I had just finished explaining the rules to Age of War when they finished (I didn't pick up who won) and joined us, making it the first 5-player of the evening.
It's a simple Knizia game; rethemed from an earlier title based on Risk (which was called Risk Express). Several cards are laid in the centre of the table - these are castles, and in order to capture them you roll a set of seven dice. If you can fill one of the "battle lines" in a chosen castle, you do so. If you can't, you have to sacrifice a die before rolling again. Fill all the battle lines, and you claim the castle for your own.
As well as claiming castles from the centre you can also grab them off the other players (although this is harder) and - as the castles come in certain colours, representing tribes - if you gain all the castles of a certain colour, you can flip the cards over, giving you a twofold benefit: firstly they can't be stolen from you, and secondly you gain a points bonus.
We all liked it I think, even Hannah, who fate shat on from a great height as she continuously fell short of the necessary dice icons needed (there's cavalry, bowmen and so on) and having finally captured a castle, had it nicked from under her nose. In the end it was a close run thing between myself, Adam, Joe and Martin. To win I'd have to steal a card from someone, but also hope nobody would steal a castle from me and the last castle in the central pool would still be available on my next turn. Coupled with the fact there were concerns over how long the game might last, I decided to grab the final castle to claim second place:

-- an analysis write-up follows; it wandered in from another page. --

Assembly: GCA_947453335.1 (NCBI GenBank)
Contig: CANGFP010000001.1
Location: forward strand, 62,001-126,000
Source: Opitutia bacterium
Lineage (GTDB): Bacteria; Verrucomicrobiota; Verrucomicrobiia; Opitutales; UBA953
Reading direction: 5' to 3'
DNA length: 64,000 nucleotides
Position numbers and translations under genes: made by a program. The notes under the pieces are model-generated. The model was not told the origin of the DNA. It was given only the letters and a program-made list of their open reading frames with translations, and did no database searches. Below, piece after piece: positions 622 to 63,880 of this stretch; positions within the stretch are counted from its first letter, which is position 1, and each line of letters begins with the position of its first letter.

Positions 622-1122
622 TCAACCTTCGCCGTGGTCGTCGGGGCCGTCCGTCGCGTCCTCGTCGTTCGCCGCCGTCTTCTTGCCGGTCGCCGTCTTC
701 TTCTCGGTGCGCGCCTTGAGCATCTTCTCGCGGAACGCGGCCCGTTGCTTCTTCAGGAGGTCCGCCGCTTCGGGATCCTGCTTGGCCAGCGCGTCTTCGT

Sam 8 (2nd on most castles)
Martin 8 (3rd on most castles)
After a debate over whether to play Railways of the World or not, we finally settled on Ra, the game that even my electronic devices have no auto-correct for.
Martin, unaware of the Ra-ing he was about to receive
This game needs no introduction, and we began like a bunch of old folks settling into a comfy chair. Although Adam and Hannah had to share a chair, as they played as a team. I bailed early on the first round, picking up a decent bunch of monument tiles and covering the bases elsewhere. It was a tactic I tried to continue throughout, despite picking up crappy bidding tiles, and it just might've worked if it hadn't been for that pesky Martin picking up a shitload of Pharaohs in round two.
Martin's Pharaohs stretched on into the night
That loss of 5 points was enough for monument king Joe to sail past me:
Adam and Hannah 34
There was little debate over the next game. Joe pooh-poohed playing Port Royal, as he has played it so much recently, and I pooh-poohed it too as I think it's kind of pooh-poohy. Instead we played Red, the game of completely confusing rule-changing. Like Age of War, I believe we all liked it. Unlike Age of War, sitting at the end of the table where me and Hannah were made it very hard to tell the difference between indigo and purple. "Just like real life" as Hannah philosophically noted.
"The colour's written on the cards!" Martin pointed out, in-between thrashing us all (except Joe, who in the early running looked like the likely winner).
Adam and Hannah 0
By now we were all, as we collectively confessed, 'pooped' - but as Martin and I had cups of tea to finish, we broke out the classic No Thanks. Joe and I both took calculated risks in putting together runs, and they both paid off. Martin ran out of coins. Hannah, perhaps sensing leaderboard implosion, let Adam go this one alone:
Arthur is there in spirit for the family portrait
A very enjoyable evening that couldn't even be spoiled by me knocking my cheap Spanish wine over. Fortunately I'd just enough left to spray the table and chair, but leave the carpet and guinea pigs completely unsullied. Now that's a games night.